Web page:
Tuesday, March 27, 2012

Autism Mom is out for blood again.

Just in case the title wasn't a clear enough hint, I'm more than a little livid right now.

I just got a phone call from the Special Ed Case Manager at Wyatts school. In spite of the fact that his father and I have already had 3 (THREE) IEP meetings this school year (2 of them to address the fact that appropriate supports were not in place in the classroom for Wy), his grades have started slipping again, and his teachers have asked for a meeting.

Now - ALL of his teachers have my e-mail and phone number, and Wyatts father talks to his classroom teachers when he picks Wy up from school on his weeks. Neither one of us has had any notification that he wasn't doing well.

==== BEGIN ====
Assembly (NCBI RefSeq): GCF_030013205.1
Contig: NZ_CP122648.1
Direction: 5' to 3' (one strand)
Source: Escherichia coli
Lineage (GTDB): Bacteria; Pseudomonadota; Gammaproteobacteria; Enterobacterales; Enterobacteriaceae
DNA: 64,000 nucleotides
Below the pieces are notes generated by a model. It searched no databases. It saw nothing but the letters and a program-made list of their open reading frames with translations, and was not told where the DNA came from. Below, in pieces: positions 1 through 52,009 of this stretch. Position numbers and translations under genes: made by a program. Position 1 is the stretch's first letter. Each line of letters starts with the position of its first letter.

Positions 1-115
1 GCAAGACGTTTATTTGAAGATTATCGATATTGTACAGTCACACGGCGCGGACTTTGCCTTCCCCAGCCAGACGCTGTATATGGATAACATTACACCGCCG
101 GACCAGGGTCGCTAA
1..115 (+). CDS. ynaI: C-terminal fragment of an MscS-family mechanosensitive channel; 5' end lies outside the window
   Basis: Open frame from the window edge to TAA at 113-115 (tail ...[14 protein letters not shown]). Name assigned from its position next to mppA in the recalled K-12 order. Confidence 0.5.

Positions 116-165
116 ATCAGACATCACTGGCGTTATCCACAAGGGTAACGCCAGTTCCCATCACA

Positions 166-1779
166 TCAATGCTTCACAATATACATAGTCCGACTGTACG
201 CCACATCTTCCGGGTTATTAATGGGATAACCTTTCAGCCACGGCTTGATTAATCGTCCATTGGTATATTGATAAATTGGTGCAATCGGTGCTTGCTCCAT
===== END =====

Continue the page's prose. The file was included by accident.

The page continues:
None, nada, bupkus.

I just checked the school website, and from what I can see, the thing that's bringing his grades down is not homework, it's class work.

That's right, the work he does in the classroom, with a teacher, and an aide that's assigned to him right there. The teaching assistant that's supposed to be helping him take notes for science hasn't been going every day, despite the fact that his IEP says that's what he's supposed to have. The same thing is happening with Language Arts. Classroom work isn't getting finished, even though he is supposed to have someone working with him in each class. How does work not get finished when there's an aide sitting RIGHT NEXT TO HIM?! It's not the homework that's dropping the grades, his father and I make sure that gets done, it's what's going on in the classroom.